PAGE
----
When you’re an artist, the options that are before you are staggering. Literally anything under the sun is possible. One would think that this kind of freedom would be the perfect scenario in which to be creative. On the contrary, the reality is that for many artists, this sense of freedom is actually quite intimidating. Without any anchor to hold onto, the very early stages of conceiving a project can be the most challenging part of the artistic process.
It sounds like a contradiction, but limitations can actually be quite liberating. Limitations are something concrete to hold on to, when you’re just barely treading water, desperately looking for something to land on. Initially, Phil Hansen didn’t have a choice with his shaking hand. After learning to embrace his shaking hand, he realized that limitations could actually be an amazing source of inspiration. Seeing the vast range of what he had accomplished with his shaking hand, he began to purposefully self-impose boundaries in his artwork.
It sounds like a contradiction, but limitations can actually be quite liberating. Limitations are something concrete to hold on to, when you’re just barely treading water, desperately looking for something to land on. — Clara Lieu
One of the fundamental concepts that I teach in my freshman drawing classes at the Rhode Island School of Design is how to handle different ranges of artistic freedom. I want my students to develop the skills necessary to be able to foster their artistic vision in the context of the most stringent guidelines, while also understanding how to create work that began with no set requirements.
I assign drawing projects at the beginning of the semester with rigid requirements. One project that I assign early in the semester asks students to make a drawing of an interior architectural space, on a 36″ x 48″ sheet of paper, using charcoal. With this project, the subject matter has been determined, and the technique is set in stone. Most would assume that these tight restrictions would stunt creativity.
However, many students are pleasantly surprised by the way that these requirements can stimulate creativity and ideas. I give one assignment called “Routine”, in which students are asked to create a drawing based on one of their routines. This sounds like a very simple directive, but this assignment has consistently churned out some of the most emotionally involved, complex, and deeply thought provoking drawings of the semester. The drawings created by this prompt are dramatic, hilarious, heart-breaking, and insightful.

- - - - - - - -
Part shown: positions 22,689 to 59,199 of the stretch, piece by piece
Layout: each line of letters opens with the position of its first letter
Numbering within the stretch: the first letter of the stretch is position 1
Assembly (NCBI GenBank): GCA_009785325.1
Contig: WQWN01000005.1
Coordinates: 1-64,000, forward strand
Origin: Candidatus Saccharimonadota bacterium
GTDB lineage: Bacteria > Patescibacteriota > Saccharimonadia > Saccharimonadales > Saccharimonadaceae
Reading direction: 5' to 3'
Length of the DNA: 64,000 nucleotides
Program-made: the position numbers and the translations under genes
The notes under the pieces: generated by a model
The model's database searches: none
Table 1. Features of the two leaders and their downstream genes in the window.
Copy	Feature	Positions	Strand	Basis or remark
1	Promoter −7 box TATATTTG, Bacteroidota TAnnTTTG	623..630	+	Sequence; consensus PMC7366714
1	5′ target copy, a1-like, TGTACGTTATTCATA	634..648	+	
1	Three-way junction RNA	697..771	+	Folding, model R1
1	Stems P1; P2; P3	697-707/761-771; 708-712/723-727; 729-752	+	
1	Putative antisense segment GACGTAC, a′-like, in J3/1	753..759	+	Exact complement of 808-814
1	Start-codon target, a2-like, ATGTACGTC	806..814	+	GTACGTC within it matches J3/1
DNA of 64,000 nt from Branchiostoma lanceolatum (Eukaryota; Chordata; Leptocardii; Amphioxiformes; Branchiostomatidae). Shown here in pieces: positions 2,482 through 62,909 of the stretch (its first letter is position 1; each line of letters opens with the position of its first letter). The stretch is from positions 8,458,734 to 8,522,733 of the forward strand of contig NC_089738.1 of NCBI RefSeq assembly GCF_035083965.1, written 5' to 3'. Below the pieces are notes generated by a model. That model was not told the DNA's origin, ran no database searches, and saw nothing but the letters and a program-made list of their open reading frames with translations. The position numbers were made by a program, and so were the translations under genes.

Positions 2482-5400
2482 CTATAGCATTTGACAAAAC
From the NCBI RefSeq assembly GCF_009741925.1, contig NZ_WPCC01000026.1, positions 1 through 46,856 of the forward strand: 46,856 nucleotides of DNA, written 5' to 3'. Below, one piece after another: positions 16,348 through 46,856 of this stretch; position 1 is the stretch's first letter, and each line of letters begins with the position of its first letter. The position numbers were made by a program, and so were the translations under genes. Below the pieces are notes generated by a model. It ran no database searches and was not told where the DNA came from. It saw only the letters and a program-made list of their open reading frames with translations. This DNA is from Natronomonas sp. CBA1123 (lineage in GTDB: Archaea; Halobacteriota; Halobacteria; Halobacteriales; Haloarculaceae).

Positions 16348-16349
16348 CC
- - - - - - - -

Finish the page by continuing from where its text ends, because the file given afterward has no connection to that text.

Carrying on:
Hopelessly addicted to chocolate pudding, one student depicted an exaggerated tower of empty pudding cups while another student visually represented flashbacks of his mother’s death from cancer. Other narratives included a student who was forced to attend therapy sessions in high school and rebelled against her parents by stealing “Hello Kitty” paraphernalia from Target, as well as a student who dutifully attended bible study at her church every morning before school for many years, and yet did not believe in her religion.
I intentionally structure my course so that requirements are gradually removed, and eventually, the drawing projects become extremely open ended. Most people would assume that this freedom would be easier than working within stiff guidelines. However, many students comment to me that these projects which require much more self-direction actually causes them to feel lost and aimless. Without any requirements in place, many students find the overwhelming amount of options challenging to manage. This removal of guidelines in the drawing projects can be the most difficult part of my course.
I tell my students that with these new assignments, they now have the responsibility to take charge. I encourage my students to take the initiative to generate their own guidelines. I ask them to create patterns and to reinforce recurring themes in their work. Similar to Phil Hansen’s techniques, I’ve seen students fabricate creative structures for themselves to work within: one student responded by making an entire piece by drawing with a razor blade that had been dipped in black india ink. Another student created a drawing composed only of collaged text messages. I had a student who measured every inch of her childhood house as the basis for her drawing. In this way, these students designed their own structures to work within. Make your own rules, you’ll be astonished at what can happen.
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